January can be a time of mixed emotions. On the one hand it is a fresh start which can bring optimism and a chance to focus on our health, on the other hand it is often associated with the January blues, with the festivities of Christmas over but a long winter still ahead. Many people focus on dietary changes during this time and choose to join in with “Veganuary”, opting for a vegan diet during the month. Increasing plant-based foods is a good way to support health, however certain nutrients can be hard to obtain from a vegan diet, including vitamin D.
The new year often marks the beginning of detox season. After an indulgent Christmas filled with rich food, wine and sweet treats, many people will kick-start January with a new diet and a detox. We have previously written a blog post on the science and history behind the detoxification processes and what nutrients are essential to support this.
In this article, we provide some practical advice on what foods to enjoy and avoid during a detoxification period along with a sample menu at the end, but there are lots of recipes and ideas available online.
As a customer of Cytoplan, did you know you are making a positive change to thousands of lives now and in the future?
Charity is right at the heart of the day to day running of Cytoplan. Since conception in 1990, the philosophy of the company has been built on the foundations of helping others and improving people’s health and wellbeing. Cytoplan is wholly owned by the charitable trust, the AIM Foundation who have been supporting nutrition, health and well-being projects for 30 years.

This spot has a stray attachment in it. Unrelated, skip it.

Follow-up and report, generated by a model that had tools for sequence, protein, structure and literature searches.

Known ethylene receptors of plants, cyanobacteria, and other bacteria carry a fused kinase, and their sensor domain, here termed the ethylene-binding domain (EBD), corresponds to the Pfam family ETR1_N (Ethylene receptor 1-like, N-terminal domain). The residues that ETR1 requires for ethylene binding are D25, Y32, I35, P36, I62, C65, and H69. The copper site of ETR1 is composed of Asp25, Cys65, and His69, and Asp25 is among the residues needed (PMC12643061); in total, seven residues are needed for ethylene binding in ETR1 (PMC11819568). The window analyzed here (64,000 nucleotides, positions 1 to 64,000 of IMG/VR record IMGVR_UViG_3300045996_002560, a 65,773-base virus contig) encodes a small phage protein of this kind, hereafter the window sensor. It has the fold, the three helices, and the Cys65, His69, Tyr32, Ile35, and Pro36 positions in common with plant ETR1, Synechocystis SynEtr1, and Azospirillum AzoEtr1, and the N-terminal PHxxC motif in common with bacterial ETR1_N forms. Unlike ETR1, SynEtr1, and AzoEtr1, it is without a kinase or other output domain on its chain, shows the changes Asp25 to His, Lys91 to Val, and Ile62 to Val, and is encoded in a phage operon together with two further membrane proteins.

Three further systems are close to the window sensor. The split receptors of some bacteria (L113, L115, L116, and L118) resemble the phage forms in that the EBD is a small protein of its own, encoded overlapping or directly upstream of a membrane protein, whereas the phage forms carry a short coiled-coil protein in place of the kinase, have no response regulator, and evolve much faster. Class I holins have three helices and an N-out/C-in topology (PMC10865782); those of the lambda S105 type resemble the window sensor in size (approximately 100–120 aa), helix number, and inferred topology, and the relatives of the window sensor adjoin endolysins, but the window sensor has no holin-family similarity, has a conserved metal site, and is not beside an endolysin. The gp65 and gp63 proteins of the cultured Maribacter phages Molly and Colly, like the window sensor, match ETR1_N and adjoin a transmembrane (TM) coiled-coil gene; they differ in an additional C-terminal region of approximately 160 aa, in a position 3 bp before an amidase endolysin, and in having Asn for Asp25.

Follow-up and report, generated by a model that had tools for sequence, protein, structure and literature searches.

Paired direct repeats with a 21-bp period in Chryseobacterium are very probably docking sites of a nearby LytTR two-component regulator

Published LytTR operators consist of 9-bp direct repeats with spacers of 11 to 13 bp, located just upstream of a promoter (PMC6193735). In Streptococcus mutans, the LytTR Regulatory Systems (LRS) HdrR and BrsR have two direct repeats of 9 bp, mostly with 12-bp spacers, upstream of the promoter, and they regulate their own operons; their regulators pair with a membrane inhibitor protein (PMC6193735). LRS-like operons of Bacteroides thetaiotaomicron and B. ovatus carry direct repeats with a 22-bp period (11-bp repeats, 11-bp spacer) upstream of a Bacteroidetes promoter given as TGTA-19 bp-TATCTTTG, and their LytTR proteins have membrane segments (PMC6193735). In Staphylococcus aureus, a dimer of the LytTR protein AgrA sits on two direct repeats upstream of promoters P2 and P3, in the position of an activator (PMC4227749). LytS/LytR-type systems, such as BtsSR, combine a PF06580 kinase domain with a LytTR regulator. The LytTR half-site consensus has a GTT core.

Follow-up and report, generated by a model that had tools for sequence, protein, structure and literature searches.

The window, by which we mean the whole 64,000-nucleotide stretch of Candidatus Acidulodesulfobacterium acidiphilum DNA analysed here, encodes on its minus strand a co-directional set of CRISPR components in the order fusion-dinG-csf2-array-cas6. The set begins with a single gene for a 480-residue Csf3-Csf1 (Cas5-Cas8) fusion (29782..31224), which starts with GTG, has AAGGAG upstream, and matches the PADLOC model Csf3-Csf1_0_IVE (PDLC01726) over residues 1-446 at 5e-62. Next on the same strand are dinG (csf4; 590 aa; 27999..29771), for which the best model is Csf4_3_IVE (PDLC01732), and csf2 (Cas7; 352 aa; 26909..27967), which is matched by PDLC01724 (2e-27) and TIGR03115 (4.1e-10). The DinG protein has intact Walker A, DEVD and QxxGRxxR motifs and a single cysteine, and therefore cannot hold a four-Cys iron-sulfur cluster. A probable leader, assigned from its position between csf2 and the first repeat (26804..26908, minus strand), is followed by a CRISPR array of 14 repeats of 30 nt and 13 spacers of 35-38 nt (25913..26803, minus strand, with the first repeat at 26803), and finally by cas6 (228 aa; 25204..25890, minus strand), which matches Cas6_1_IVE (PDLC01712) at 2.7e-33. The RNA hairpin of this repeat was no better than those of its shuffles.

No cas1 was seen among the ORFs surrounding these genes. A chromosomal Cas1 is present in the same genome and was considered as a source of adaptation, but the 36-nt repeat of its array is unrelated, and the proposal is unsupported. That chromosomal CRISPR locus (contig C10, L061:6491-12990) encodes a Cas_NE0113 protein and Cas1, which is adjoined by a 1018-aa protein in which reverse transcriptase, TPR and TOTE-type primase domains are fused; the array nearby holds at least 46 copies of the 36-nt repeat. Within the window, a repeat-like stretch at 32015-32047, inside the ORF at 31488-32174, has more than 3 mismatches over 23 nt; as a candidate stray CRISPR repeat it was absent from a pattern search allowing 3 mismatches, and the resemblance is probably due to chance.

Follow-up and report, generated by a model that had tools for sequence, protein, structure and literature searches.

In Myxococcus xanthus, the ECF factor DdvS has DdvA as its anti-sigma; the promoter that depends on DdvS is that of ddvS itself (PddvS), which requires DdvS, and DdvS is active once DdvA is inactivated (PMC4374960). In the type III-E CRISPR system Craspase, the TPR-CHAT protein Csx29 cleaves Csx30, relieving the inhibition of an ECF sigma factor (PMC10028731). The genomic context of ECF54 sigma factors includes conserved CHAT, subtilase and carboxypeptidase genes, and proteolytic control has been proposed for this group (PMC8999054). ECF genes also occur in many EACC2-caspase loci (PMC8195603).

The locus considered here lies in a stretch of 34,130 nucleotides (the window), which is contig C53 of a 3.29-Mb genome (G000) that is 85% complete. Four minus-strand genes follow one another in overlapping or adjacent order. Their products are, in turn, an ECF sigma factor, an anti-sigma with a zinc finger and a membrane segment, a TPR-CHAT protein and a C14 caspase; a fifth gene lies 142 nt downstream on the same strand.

This week’s article is provided by guest writer Bev Alderson; a Mindfulness, Yoga and Stress Management Consultant. Bev works with individuals, groups and workplaces who want to take a more positive and proactive approach to enhancing wellbeing, and in turn achieve greater results.
According to Diabetes UK, around 200,000 people are diagnosed with type 2 diabetes every year and there are 3.5 million people in England with a diagnosis. The increasing number of people with type 2 diabetes is a challenge to the NHS and healthcare systems across the world. It is a leading cause of sight loss and lower limb amputation, and can contribute to kidney failure, heart attack and stroke. Diabetes and its complications cost over £6 billion every year to treat and one in six patients in hospital now has diabetes.1
In this week’s article, we provide a roundup of some of the most recent health and nutrition related articles in the news, five items comprising:
- Melancholic microbiome? EU-backed project publishes recommendations for diet and mood
- Exercise after the age of 60 may prevent heart disease
- Ground-breaking study links inflammation with ‘mental sluggishness’ for the first time
- Short sleep may harm bone health in older women
- The five exercises to help avoid an early death